Fonthill’s Sauli Lianga earns Brock volleyball rookie award

At the conclusion of his Grade 12 year at E. L. Crossley, Sauli Lianga decided to take the leap and train full time for volleyball.

The 20-year-old Fonthill resident was one of the youngest athletes selected to spent seven months with the National Excellence Program in Gatineau, Que., the site where the national A team trains in the summer. The program saw Lianga participate in two three-hour practices a day

“There were obviously ups and downs and my body was one of [the downs],” the 6-foot-4 athlete said. “Training six hours a day for the whole time, there were definitely some practices where I didn’t want to go and I didn’t want to play but it was a job for us. We were getting paid for going there and I didn’t have any excuse to not go.”

At the end of the seven-month program, the participants were given money for their schooling and Lianga emerged from the experience a much better player.

“All around, my game definitely improved but my mental game improved the most,” he said. “That is a key aspect that the high levels are trying to push more than anything else. We have the skill and we can play but it’s what happens when we can’t play. How do we fix that and how do we move on?”

Lianga put his skills on display this past season with the Brock men’s team and he was rewarded at year’s end by being named the squad’s top rookie.

“Sauli had a great first season for the Badger program. He brought back valuable experience from his time with the National Excellence Program and his rookie of the year award is a testament to his growth and development,” Brock head coach Matt Ragogna said. “Taking on a new role on the right side of the court this season, his calm demeanor and joyous self were big factors in the success of the program this season.”

Ragogna was impressed with Lianga’s efforts.

“He put a lot of work into the small technical aspects of his game and got adjusted to the style and tempo of the OUA (Ontario University Athletics) quickly, something that takes others time when entering university,” he said. “He is very deserving of this award and has a bright future ahead of him in a Badger uniform.”

Lianga was pleased with his first season.

“It was a great experience and I definitely learned a lot. It’s different playing in the OUA compared to playing OVA (Ontario Volleyball Association). All the teams have different styles of play.”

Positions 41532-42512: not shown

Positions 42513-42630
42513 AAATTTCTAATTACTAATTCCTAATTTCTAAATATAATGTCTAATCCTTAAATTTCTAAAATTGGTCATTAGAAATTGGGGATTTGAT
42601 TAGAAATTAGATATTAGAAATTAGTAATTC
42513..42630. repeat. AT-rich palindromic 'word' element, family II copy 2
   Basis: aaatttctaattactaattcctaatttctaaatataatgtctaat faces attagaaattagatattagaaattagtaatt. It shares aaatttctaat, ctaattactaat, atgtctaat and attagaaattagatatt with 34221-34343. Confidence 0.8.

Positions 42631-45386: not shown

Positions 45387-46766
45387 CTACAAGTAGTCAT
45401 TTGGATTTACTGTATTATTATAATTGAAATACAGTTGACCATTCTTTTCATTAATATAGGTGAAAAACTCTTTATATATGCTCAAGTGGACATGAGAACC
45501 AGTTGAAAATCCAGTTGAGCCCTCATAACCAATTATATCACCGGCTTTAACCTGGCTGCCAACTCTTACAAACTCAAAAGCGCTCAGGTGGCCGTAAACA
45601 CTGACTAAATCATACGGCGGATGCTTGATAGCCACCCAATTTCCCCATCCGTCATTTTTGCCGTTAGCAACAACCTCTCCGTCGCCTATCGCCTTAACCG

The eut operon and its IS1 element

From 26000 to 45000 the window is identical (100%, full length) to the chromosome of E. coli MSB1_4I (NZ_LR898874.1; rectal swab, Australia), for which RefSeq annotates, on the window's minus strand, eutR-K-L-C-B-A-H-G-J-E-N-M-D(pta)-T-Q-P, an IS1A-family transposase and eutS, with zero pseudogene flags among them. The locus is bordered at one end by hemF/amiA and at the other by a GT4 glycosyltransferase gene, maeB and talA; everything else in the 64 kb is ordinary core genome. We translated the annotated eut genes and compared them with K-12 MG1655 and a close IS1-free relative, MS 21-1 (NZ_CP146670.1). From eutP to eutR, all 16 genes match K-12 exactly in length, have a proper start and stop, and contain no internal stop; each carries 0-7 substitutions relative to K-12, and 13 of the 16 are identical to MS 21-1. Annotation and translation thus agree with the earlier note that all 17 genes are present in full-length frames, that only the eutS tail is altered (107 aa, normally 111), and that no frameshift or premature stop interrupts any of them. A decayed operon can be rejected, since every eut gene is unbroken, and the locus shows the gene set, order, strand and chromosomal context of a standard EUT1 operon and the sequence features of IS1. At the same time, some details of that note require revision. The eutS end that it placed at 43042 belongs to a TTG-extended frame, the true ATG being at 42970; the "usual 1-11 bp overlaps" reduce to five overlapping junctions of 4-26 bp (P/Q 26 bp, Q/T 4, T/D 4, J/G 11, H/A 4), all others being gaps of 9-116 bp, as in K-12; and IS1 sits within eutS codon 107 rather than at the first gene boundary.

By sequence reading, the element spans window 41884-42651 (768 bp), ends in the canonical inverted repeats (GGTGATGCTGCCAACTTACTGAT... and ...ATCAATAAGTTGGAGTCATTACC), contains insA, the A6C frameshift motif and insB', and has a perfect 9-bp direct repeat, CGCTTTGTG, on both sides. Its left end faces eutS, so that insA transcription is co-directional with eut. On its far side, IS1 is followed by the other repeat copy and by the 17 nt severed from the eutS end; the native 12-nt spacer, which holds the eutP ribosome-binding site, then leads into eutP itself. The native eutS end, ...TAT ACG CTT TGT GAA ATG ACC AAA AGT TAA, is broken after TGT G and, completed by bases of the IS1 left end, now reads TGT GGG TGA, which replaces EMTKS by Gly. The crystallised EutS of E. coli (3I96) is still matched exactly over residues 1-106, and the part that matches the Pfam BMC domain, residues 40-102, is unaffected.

Lianga felt that he was able adjust to moving to right side after playing left side his entire career.

“It’s similar but it is very different,” he said. “On the left side, you get to pass but on the right side you don’t. And the other thing is left sides are mostly right-handed so they can see the ball coming and can cut it off with their right hand. On the right side, because I am right handed, the ball has to travel over my body or head and it is harder to read, track and still hit shots.”

He knows what needs to work on to become even better at the OUA level.

“I want to be more versatile on my attacks and try to less readable,” he said. “One thing that I found is that they were able to shut me down because I often made similar shots. Any team that could game-plan okay could shut me down really easily. I want to try and be able to see the block and be able to hit around it and score so it will be harder to game plan for it.”

Brock was an easy choice for Lianga for two reasons.

“I am in physical education, the program is really good and there are only a few schools in Ontario which offer it,”he said.”Brock was one of them, it’s well-known and a lot of people really enjoyed the program.”

Academics was his main reason for choosing Brock, followed closely by the development of the school’s men’s volleyball program since restarting four seasons ago.

“They have just been getting better and better and for me coming to this team, we will continue growing and we have done really well so far.”

This past season, the Badgers made the playoffs for the first time in program history.

Lianga is still trying to keep training despite the COVID-19 pandemic.

“It is a weird time that we are in,” he said.

Team members were given a workout from a Brock trainer that Lianga does three times a week and then he does his own version of workouts twice a week.

“I get things around my house to use as weights,” he said. “I will use a shopping bag and I put books in it or stuff like that. I am trying to work my way around it.”

His long-term goals are to play pro and one of his possibilities is to do it in Lithuania. All four of his grandparents were born in Lithuania and he would be able to get his Lithuanian citizenship and play pro volleyball there without being considered an import.

“Another idea is to go play anywhere, Europe or Australia, and after my schooling, maybe do my teacher’s program abroad.”


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